HHS Nondiscrimination Rule Includes New Notice Requirements for Providers
June 15, 2016 08:58 AM
The Department of Health and Human Services (HHS) has issued a final rule implementing the prohibition of discrimination under Section 1557 of the Affordable Care Act (ACA) of 2010. The Final Rule, Nondiscrimination in Health Programs and Activities, explains consumers’ rights under the law and adds certain requirements for covered entities in order to ensure nondiscrimination on the grounds of race, color, national origin, sex, age, or disability in certain health programs and activities. Entities covered under the rule are any health program or activity which receives funding from HHS; any health program that HHS itself administers; Health Insurance Marketplaces; and issuers that participate in those Marketplaces.
Section 1557 builds on longstanding and familiar Federal civil rights laws: Title VI of the Civil Rights Act of 1964 (Title VI), Title IX of the Education Amendments of 1972 (Title IX), Section 504 of the Rehabilitation Act of 1973 (Section 504), and the Age Discrimination Act of 1975 (Age Act). Most notably, Section 1557 is the first Federal civil rights law to prohibit discrimination on the basis of sex in all health programs, including discrimination based on pregnancy, gender identity, and sex stereotyping.
For individuals with disabilities, the final rule requires covered entities to make all programs and activities provided through electronic and information technology accessible; to ensure the physical accessibility of newly constructed or altered facilities; and to provide appropriate auxiliary aids and services for individuals with disabilities. Covered entities are also prohibited from using marketing practices or benefit designs that discriminate on the basis of disability and other prohibited bases.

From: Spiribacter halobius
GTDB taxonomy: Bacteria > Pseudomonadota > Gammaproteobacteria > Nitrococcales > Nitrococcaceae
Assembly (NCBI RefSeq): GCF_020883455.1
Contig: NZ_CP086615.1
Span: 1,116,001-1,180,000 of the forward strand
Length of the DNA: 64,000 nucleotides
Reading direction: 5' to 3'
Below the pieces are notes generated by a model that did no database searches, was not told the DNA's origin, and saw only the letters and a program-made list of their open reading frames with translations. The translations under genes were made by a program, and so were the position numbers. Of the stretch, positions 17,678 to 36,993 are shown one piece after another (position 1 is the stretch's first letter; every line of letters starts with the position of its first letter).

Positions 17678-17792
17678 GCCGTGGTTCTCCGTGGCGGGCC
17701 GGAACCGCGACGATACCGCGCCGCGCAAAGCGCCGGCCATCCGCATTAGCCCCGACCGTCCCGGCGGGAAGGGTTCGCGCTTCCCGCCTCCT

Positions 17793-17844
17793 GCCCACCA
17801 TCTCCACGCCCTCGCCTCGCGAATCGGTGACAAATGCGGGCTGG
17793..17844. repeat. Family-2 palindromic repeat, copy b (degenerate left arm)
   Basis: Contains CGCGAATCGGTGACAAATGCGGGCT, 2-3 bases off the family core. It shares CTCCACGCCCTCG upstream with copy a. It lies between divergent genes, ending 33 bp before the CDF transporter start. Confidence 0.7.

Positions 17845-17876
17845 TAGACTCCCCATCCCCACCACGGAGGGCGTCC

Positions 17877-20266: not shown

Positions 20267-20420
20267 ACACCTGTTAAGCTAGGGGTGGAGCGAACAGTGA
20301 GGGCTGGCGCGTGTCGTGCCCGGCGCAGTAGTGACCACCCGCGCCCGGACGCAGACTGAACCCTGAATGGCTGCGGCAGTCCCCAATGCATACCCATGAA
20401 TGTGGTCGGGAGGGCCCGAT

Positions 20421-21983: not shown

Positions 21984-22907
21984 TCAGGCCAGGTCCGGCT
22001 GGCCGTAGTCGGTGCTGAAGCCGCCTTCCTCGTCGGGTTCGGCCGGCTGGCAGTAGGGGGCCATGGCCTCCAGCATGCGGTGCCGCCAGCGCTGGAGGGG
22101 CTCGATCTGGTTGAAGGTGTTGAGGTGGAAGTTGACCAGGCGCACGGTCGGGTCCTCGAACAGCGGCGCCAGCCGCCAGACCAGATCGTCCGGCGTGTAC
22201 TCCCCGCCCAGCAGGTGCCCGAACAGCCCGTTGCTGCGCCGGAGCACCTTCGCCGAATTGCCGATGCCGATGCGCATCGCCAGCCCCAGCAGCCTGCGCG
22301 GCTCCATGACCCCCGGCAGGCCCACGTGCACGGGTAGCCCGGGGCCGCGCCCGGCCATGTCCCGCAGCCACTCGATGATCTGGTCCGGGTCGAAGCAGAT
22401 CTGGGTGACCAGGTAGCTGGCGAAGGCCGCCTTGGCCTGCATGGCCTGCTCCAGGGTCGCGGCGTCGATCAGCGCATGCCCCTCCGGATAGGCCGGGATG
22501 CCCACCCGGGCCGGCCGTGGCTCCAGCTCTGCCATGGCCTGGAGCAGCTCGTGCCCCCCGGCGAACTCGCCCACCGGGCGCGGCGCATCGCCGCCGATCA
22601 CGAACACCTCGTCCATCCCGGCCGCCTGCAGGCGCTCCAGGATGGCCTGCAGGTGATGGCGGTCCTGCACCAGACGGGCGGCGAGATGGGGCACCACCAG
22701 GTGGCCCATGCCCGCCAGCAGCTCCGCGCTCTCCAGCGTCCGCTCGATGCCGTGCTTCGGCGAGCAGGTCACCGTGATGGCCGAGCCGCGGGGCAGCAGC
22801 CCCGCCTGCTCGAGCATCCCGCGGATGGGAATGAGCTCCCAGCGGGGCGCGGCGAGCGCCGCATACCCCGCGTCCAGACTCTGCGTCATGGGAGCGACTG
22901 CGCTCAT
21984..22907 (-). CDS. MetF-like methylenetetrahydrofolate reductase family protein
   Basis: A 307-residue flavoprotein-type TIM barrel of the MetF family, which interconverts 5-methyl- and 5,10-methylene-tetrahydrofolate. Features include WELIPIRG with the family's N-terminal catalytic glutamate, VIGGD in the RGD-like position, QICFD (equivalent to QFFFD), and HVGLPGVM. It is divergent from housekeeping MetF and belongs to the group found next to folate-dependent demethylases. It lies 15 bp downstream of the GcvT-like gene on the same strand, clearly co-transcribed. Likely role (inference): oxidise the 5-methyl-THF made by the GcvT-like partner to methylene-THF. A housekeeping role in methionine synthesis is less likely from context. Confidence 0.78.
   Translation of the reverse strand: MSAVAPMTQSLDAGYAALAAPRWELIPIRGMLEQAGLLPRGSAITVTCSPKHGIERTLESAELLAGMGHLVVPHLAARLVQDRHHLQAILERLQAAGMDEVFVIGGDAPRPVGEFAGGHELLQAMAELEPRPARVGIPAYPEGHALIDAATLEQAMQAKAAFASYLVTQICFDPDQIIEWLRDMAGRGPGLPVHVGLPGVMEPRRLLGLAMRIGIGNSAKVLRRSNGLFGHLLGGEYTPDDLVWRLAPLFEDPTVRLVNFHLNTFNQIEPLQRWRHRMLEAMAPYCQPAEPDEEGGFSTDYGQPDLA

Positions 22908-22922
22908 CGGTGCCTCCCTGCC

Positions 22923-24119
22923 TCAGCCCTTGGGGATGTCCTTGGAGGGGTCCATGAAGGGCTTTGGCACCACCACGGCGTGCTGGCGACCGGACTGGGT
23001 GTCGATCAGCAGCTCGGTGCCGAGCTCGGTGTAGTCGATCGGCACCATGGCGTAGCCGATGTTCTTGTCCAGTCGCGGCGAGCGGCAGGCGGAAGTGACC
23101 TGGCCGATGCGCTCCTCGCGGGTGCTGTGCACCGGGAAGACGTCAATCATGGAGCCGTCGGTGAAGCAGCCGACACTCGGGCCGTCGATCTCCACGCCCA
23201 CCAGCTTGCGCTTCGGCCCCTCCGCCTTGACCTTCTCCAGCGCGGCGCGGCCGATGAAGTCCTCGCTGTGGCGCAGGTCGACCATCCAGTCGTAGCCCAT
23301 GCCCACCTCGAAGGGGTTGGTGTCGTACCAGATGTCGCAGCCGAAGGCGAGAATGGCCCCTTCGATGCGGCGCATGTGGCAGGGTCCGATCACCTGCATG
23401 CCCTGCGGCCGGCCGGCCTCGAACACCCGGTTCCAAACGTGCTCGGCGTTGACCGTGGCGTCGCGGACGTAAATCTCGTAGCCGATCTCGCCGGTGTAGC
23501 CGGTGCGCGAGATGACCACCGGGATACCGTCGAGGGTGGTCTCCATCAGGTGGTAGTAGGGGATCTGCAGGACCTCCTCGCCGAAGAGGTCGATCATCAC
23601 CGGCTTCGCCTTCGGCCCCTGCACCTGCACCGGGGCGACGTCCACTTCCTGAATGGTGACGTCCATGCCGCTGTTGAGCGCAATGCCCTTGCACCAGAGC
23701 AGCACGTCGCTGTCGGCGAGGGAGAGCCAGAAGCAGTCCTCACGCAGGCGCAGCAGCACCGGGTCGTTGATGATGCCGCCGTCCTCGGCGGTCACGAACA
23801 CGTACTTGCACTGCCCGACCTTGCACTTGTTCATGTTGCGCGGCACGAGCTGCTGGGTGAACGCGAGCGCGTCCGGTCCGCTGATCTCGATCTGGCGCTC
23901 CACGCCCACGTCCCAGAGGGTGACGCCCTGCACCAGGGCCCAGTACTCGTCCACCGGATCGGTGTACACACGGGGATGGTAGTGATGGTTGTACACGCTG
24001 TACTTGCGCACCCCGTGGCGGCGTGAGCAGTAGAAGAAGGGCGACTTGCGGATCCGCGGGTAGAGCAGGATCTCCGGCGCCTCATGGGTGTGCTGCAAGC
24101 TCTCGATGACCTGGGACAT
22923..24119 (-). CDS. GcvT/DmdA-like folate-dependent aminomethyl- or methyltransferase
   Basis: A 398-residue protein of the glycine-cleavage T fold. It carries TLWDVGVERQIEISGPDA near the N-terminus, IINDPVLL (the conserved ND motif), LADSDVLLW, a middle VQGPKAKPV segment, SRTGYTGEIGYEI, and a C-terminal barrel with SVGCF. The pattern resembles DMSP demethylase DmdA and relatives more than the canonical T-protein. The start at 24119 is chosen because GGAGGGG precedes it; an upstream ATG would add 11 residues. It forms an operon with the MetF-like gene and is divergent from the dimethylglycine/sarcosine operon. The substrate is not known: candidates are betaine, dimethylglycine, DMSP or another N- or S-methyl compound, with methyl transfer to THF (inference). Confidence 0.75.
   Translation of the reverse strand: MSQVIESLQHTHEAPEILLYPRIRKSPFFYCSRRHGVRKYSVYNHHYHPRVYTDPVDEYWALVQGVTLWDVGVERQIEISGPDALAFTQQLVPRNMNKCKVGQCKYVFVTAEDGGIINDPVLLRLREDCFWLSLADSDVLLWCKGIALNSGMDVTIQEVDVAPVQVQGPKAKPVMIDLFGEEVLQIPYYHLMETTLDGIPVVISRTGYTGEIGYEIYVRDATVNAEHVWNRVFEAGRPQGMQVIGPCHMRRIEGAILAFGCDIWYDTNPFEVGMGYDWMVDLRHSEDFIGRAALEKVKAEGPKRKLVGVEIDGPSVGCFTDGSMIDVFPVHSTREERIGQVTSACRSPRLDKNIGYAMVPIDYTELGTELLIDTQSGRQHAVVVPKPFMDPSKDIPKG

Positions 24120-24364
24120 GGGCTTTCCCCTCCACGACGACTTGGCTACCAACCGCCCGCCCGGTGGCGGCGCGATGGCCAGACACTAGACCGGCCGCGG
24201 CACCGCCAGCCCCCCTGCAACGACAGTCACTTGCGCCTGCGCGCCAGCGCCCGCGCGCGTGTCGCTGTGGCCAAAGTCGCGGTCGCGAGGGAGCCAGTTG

Under the rule, covered entities are required to take reasonable steps to provide meaningful access to each individual with limited English proficiency (LEP). In addition, covered entities are encouraged to develop and implement a language access plan.
The final rule requires covered entities to post in a conspicuous location a notice of individual rights related to nondiscrimination with taglines for, at least, the top 15 non-English languages spoken in the State in which the entity is located or does business. The notice may be in English and must contain information that alerts LEP individuals to the availability of language assistance services. Covered entities must also include the notice, along with the taglines, in significant publications targeted at patients such as, patient handbooks or notices pertaining to patient rights. The same notice and taglines must also be in a conspicuous location on the covered entity’s Web site accessible from the home page.
Additional protections for individuals with LEP include prohibitions for covered entities to use low-quality video remote interpreting services or rely on unqualified staff, translators when providing language assistance services.
Covered entities with 15 or more employees must have a grievance procedure and a designated compliance coordinator.
To reduce burden and costs for covered entities, the Office of Civil Rights has a sample notice and taglines in over 60 languages. In addition, the final rule includes an Appendixthat provides a model grievance procedure.
On the CMS web site for Consumer Information and Insurance Oversightis a listif the top 15 non-English languages by state.
The final rule takes effect July 18, 2016. One exception, however, is the notice requirements, which is effective 90 days from the effective date for the rule. Therefore, agencies have some time to come into compliance with the new OCR nondiscrimination requirements.